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Current Psychiatry Reports

, 20:110 | Cite as

Gender-Affirming Hormone Use in Transgender Individuals: Impact on Behavioral Health and Cognition

  • Hillary B. Nguyen
  • Alexis M. Chavez
  • Emily Lipner
  • Liisa Hantsoo
  • Sara L. Kornfield
  • Robert D. Davies
  • C. Neill Epperson
Sex and Gender Issues in Behavioral Health (CN Epperson and L Hantsoo, Section Editors)
Part of the following topical collections:
  1. Topical Collection on Sex and Gender Issues in Behavioral Health

Abstract

Purpose of Review

With increasing numbers of transgender and gender non-binary individuals presenting for care, knowing how to elucidate the mental health and cognitive outcomes of gender-affirming hormone therapy (GAHT) is necessary. This article reviews the present literature covering GAHT effects on mood, behavioral health, and cognition in these individuals and offers research priorities to address knowledge gaps.

Recent Findings

Although there are some conflicting data, GAHT overwhelmingly seems to have positive psychological effects in both adolescents and adults. Research tends to support that GAHT reduces symptoms of anxiety and depression, lowers perceived and social distress, and improves quality of life and self-esteem in both male-to-female and female-to-male transgender individuals.

Summary

Clinically, prescribing GAHT can help with gender dysphoria-related mental distress. Thus, timely hormonal intervention represents a crucial tool for improving behavioral wellness in transgender individuals, though effects on cognitive processes fundamental for daily living are unknown. Future research should prioritize better understanding of how GAHT may affect executive functioning.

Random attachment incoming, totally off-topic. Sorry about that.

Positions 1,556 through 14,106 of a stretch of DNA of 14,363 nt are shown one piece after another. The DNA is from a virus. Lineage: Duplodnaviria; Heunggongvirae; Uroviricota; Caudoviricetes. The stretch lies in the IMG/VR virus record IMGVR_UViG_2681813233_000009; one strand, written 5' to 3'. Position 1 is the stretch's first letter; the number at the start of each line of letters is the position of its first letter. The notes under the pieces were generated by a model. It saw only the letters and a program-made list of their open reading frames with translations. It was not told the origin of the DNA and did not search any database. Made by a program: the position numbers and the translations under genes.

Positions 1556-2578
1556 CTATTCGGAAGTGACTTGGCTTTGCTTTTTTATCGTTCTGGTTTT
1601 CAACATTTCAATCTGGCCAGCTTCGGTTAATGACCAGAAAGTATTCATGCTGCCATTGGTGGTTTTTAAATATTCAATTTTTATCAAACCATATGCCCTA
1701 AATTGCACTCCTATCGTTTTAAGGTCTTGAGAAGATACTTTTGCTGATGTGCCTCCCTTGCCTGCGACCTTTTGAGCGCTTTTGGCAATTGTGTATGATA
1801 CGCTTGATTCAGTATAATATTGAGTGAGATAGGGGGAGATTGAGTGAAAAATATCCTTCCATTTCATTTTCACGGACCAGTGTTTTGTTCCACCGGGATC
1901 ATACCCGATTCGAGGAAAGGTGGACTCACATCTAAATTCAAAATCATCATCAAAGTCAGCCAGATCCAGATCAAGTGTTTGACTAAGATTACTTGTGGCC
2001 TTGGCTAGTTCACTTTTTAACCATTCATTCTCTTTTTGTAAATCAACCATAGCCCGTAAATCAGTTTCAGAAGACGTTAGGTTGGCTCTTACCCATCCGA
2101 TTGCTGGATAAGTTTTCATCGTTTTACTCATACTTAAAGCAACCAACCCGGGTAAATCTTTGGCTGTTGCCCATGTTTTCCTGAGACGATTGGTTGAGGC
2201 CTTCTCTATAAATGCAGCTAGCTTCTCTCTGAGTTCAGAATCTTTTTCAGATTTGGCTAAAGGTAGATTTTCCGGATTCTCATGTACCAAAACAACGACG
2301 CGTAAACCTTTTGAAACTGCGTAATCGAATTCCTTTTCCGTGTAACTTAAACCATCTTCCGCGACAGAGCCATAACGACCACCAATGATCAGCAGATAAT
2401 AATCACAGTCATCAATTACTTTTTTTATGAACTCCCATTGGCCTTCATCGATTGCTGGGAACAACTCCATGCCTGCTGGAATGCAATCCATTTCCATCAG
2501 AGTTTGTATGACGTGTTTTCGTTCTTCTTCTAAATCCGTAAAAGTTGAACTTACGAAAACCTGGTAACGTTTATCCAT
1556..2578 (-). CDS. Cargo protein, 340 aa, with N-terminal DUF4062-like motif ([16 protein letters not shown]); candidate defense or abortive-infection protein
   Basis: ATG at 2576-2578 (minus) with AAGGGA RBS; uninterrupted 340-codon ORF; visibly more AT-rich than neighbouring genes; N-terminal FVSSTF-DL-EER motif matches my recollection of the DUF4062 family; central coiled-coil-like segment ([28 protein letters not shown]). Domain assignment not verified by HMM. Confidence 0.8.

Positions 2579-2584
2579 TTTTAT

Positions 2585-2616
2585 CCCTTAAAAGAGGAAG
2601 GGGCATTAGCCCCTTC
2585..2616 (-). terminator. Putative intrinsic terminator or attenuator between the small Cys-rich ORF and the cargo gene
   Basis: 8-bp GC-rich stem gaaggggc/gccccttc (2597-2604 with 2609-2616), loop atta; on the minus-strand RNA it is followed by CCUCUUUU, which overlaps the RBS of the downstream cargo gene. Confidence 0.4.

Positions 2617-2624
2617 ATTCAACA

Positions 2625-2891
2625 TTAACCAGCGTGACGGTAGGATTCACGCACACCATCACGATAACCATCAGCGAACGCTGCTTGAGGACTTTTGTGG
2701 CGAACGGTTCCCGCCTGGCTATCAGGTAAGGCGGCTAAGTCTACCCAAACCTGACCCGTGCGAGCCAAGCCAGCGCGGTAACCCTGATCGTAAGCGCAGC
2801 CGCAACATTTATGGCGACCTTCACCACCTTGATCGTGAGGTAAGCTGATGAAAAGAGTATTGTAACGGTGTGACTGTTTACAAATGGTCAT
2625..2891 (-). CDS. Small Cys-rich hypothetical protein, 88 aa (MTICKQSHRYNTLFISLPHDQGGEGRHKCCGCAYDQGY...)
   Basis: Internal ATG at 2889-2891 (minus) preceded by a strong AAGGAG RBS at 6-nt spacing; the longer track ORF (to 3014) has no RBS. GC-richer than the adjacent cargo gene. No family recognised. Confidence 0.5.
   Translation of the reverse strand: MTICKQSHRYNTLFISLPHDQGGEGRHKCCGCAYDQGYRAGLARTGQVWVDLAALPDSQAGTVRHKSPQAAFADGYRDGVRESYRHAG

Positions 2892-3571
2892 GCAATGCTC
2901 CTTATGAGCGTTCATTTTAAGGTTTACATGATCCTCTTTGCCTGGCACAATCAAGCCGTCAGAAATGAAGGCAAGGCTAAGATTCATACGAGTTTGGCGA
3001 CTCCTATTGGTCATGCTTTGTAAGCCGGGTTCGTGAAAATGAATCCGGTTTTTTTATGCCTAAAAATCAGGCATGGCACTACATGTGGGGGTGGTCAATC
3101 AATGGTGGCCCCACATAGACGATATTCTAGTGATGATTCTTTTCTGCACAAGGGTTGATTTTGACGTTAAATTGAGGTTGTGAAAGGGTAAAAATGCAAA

Keywords

Transgender Gender Sex Gender-affirming hormone therapy Mood Behavioral health Cognition 

Notes

Acknowledgement

The editors would like to thank Dr. Bradley Gaynes for taking the time to review this manuscript.

Compliance with Ethical Standards

Conflict of Interest

Hillary B. Nguyen, Alexis M. Chavez, Emily Lipner, Liisa Hantsoo, Sara L. Kornfield, Robert D. Davies, and C. Neill Epperson declare no conflict of interest.

Human and Animal Rights and Informed Consent

This article does not contain any studies with human or animal subjects performed by any of the authors.

References

Papers of particular interest, published recently, have been highlighted as: • Of importance •• Of major importance

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Copyright information

© Springer Science+Business Media, LLC, part of Springer Nature 2018

Authors and Affiliations

  • Hillary B. Nguyen
    • 1
    • 2
    • 3
    • 4
  • Alexis M. Chavez
    • 4
  • Emily Lipner
    • 2
    • 3
  • Liisa Hantsoo
    • 3
  • Sara L. Kornfield
    • 3
  • Robert D. Davies
    • 4
  • C. Neill Epperson
    • 2
    • 3
    • 4
  1. 1.School of Arts and SciencesUniversity of PennsylvaniaPhiladelphiaUSA
  2. 2.Penn PROMOTES Research on Sex and Gender in HealthUniversity of PennsylvaniaPhiladelphiaUSA
  3. 3.Department of PsychiatryPerelman School of Medicine at the University of PennsylvaniaPhiladelphiaUSA
  4. 4.Department of PsychiatryUniversity of Colorado School of Medicine-Anschutz Medical CampusAuroraUSA

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